In most general terms, there are two alternative ways to obtain design flood estimates and to relate them to some probability (frequency) of occurrence:

- statistical analysis of observed stream flow data, and
- rainfall-runoff modelling.

*Statistical analysis of observed flows* is the basic approach for estimation of flood-frequency relationship when adequate data on observed flows are available. If only a short record of streamflow is available, it is sometimes possible to establish a regional relationship with flows from neighbouring stations and to use such relationship to extend the existing short record in order to perform statistical analysis. Application of flood frequency analysis is limited to gauged catchments, i.e. to gauged stream profiles. When flow rates of certain probability of occurrence are required at ungauged sites or along a stream (e.g. for flood zone mapping), other methods are needed for flood estimation.

In case when observed flow data is not available or is inadequate, the alternative is to obtain flood estimates using a *rainfall-runoff model*. In general, rainfall-runoff models provide flood runoff estimates for a given rainfall input. Depending on the type of rainfall input, there are two possible approaches involving rainfall-runoff modelling.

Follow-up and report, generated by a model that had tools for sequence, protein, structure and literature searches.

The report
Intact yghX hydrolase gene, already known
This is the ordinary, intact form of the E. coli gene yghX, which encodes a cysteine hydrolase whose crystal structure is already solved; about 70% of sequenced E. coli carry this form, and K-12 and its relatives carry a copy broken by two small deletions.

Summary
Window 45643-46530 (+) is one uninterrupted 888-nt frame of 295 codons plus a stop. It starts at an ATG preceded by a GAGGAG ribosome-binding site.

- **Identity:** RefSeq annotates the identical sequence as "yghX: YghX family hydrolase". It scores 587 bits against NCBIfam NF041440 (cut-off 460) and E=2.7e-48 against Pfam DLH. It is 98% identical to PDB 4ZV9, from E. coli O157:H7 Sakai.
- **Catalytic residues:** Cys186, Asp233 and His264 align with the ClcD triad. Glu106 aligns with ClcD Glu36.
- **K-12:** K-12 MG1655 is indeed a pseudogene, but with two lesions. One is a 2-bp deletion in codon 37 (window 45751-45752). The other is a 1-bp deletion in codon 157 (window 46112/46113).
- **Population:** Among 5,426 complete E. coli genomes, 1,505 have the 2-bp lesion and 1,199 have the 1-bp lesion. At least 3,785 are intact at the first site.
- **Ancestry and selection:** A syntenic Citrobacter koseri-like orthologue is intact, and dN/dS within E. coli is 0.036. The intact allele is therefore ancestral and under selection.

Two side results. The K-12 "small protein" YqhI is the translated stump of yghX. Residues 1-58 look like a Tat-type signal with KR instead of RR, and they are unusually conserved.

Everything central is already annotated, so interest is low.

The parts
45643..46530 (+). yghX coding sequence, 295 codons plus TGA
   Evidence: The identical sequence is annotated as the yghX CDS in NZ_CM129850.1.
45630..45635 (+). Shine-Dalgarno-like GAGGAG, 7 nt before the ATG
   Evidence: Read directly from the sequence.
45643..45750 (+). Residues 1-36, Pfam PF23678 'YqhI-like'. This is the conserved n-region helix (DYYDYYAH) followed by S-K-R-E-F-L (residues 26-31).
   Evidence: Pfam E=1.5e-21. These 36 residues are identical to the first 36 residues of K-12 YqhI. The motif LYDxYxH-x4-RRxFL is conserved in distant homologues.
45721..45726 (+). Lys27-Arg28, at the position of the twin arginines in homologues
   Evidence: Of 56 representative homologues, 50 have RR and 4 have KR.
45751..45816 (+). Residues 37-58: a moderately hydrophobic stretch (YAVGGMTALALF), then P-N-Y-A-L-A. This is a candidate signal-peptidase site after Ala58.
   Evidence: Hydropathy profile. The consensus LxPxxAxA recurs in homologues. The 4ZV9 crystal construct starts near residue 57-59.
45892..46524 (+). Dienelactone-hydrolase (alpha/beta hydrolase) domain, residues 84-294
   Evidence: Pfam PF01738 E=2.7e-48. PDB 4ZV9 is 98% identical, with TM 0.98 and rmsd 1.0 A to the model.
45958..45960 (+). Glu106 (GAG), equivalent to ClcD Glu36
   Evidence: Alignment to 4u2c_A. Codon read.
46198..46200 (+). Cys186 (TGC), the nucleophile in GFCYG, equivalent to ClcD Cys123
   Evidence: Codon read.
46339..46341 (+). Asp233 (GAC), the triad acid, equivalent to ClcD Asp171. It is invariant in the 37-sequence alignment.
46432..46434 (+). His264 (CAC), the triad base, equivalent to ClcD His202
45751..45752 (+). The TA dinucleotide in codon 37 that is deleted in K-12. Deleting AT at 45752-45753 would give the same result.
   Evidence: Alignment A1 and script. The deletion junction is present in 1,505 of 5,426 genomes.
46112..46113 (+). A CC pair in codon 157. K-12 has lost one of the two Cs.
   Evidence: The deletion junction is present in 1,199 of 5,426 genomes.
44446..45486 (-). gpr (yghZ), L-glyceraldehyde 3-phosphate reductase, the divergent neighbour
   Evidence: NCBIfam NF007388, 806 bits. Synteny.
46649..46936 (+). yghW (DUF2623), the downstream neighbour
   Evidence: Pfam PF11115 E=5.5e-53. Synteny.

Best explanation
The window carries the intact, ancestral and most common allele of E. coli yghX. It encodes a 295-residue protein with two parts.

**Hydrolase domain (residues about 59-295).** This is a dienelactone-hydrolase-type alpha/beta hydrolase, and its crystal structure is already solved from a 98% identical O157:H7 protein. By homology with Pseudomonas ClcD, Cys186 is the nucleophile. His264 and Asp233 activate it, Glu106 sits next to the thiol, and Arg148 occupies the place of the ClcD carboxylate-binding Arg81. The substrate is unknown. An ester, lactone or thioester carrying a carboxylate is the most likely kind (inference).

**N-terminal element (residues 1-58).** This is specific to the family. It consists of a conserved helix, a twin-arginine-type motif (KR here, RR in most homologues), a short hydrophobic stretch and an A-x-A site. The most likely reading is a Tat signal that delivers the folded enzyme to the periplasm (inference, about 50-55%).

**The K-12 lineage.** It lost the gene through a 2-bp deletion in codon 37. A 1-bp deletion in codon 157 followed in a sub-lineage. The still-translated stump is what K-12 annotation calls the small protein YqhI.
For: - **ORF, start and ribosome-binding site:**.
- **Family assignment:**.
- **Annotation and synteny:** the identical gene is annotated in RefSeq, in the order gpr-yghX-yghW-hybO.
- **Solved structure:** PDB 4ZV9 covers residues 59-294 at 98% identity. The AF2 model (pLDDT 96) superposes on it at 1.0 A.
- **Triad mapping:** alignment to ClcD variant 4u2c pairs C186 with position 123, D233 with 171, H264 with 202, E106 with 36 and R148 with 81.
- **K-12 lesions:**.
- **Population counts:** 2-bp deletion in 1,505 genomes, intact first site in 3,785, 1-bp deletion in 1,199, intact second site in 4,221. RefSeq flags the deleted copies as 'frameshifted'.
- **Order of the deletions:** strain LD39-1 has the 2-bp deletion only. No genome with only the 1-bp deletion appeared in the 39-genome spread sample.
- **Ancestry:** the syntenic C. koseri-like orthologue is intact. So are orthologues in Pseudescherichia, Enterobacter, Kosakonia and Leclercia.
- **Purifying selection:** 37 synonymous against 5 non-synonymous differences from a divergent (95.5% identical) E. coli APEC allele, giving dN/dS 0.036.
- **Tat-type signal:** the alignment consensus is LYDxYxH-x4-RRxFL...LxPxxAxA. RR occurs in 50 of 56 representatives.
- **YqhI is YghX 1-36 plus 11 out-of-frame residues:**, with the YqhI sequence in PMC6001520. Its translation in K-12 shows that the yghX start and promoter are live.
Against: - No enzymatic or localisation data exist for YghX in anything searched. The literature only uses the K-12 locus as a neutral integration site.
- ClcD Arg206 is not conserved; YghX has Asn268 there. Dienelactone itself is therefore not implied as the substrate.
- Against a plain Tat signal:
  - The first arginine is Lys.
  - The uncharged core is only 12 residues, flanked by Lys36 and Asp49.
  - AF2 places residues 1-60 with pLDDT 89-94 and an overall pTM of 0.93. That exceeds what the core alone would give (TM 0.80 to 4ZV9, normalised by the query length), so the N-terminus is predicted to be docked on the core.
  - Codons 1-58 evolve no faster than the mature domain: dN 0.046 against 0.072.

*Design storm approach* is the approach in which a design storm represents the input for rainfall-runoff model, and the design flow is the model output. Design storms themselves are obtained by statistical analysis of observed rainfall. The key issue in this approach is the assumption that the frequency of the design flow is equal to the frequency of the design storm. However, having in mind that the rainfall-runoff relationship is neither linear nor straightforward, such an assumption is not always very realistic.

In the *observed storms approach* rainfall-runoff model is applied to observed rainfall data in order to obtain corresponding simulated flows. The simulated flows are then treated as a substitute for observed flows, and they are statistically analyzed in order to obtain flood-frequency relationship. This approach can be *event-based*, when separate storms are used as input to runoff models, or *continuous*, when the complete rainfall record is used for continuous runoff modelling. The disadvantage of the event-based rainfall-runoff modelling is that it requires estimation of initial conditions at the beginning of each event, while continuous rainfall-runoff modelling is quite demanding concerning data and model calibration.